Friday, 21 January 2011

Turning over an old leaf

I like walking. When I walk, I think. And walking alone through stunning landscapes, valleys and forests, that thinking can have a wonderfully cathartic effect.

With this kind of freedom, just surrounded by nature, the mind picks all kinds of things to think about. Little nuggets that got lodged out of sight suddenly come loose and you find yourself raking them over, resolving them and letting them go. It's purgative; a kind of mental colonic irrigation.

I think about a lot of current things too, even the future, every now and then. But mostly I just let my mind wander and see where I end up. The other day I was hiking a trail through temperate rainforest up to some waterfall or other in the Nelson Lakes National Park, when I got thinking about perspective again.

As I walked I was looking around and noticed one of the ferns appeared more delicate and fragile than the others.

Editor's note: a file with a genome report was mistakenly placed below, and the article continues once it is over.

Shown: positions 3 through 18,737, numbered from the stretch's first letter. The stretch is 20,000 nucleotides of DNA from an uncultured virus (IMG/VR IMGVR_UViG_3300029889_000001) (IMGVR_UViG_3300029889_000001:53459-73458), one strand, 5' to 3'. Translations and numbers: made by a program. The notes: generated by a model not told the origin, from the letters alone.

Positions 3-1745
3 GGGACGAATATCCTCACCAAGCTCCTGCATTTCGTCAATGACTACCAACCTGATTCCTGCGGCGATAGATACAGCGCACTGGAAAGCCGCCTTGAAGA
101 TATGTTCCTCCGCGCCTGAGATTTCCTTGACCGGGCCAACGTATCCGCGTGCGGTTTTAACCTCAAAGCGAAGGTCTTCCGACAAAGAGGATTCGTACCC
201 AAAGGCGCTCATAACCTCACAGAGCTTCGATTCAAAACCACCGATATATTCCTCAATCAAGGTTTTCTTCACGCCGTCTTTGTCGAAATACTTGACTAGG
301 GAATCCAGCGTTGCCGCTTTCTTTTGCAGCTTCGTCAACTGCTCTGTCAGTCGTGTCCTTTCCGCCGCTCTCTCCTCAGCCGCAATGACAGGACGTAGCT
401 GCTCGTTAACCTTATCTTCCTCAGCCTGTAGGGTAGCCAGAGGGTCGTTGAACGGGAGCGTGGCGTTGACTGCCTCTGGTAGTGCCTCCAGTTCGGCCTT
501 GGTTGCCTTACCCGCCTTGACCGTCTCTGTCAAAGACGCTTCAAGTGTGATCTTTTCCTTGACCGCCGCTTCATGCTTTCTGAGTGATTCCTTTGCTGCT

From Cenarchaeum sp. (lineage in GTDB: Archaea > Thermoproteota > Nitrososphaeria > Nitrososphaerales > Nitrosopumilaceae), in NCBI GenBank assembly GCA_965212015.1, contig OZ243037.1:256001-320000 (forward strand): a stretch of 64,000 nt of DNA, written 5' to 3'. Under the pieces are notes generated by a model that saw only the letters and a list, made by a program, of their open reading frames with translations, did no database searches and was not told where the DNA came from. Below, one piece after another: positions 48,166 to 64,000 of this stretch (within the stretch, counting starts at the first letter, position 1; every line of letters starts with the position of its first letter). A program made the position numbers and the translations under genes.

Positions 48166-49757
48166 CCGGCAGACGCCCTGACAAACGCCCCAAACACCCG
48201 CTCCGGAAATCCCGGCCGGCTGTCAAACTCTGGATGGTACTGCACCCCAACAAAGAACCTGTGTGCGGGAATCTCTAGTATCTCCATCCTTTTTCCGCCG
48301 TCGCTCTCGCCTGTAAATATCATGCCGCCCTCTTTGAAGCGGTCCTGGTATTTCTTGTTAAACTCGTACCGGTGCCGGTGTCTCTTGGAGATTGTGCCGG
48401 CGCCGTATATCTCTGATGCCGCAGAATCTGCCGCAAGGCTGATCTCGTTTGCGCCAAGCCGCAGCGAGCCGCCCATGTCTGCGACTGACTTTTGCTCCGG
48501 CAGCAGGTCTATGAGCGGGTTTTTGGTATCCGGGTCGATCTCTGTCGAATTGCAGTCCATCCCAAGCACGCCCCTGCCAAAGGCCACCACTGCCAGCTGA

I kind of nonchalantly ran my hand through them, plucked a leaf here and there, and only stopped when I turned one over. Underneath were tiny yellow spores, and it struck me as being exceptionally beautiful, and impossible to see from a distance. Impossible to see from an inch away even, without the curiosity to look underneath.




I kept walking, looking for more of them, when I realised I couldn't see them because they were everywhere.




I smiled when I thought to myself that we talk about "turning over a new leaf" when it would probably be simpler and a lot more rewarding to just flip over an old one.

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